Objective: We compared eating disorder (ED) characteristics and treatment seeking behaviors between self-identified competitive athletes and non-athletes in a large, community-based sample.
Method: During the 2018 National Eating Disorders Awareness Week, 23,920 respondents, 14.7% of whom identified as competitive athletes, completed the National Eating Disorders Association online screen. Data were collected on demographics, disordered eating behaviors, probable ED diagnosis/risk, treatment history, and intent to seek treatment.
Results: The sample was predominantly White (81.8%), female (90.3%), and between 13 and 24 years (82.6%). Over 86% met criteria for an ED/subthreshold ED, and of those, only 2.5% were in treatment. Suicidal ideation was reported in over half of the sample. Athletes reported a significantly greater likelihood of engaging in and more frequent excessive exercise episodes than non-athletes. Athletes also reported a significantly lower likelihood of engaging in and less frequent binge-eating episodes compared with non-athletes. Athletes were more likely to screen positive for an ED/subthreshold ED than non-athletes, but percentages across all probable ED diagnoses were similar. No significant differences between athletes and non-athletes emerged on treatment history or intention to seek treatment post-screen (less than 30%).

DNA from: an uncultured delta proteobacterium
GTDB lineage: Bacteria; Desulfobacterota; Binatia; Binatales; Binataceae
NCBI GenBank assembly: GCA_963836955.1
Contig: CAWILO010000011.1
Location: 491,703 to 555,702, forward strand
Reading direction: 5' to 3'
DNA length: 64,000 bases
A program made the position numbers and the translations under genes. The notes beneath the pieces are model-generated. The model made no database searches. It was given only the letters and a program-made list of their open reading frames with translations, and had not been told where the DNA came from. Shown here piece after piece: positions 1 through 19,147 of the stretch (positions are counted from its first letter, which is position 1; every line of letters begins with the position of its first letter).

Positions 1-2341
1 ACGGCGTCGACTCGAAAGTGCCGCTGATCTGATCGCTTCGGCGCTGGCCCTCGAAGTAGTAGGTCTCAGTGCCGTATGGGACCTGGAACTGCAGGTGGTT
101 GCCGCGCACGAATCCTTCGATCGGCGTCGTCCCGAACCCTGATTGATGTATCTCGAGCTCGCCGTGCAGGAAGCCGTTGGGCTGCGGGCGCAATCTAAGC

Discussion: Although the distribution of probable ED diagnoses was similar in athletes and non-athletes, symptom profiles related to disordered eating behavior engagement and frequency may differ. Athletes may be less likely to seek treatment due to stigma, accessibility, and sport-specific barriers. Future work should directly connect survey respondents to tailored treatment tools and increase motivation to seek treatment.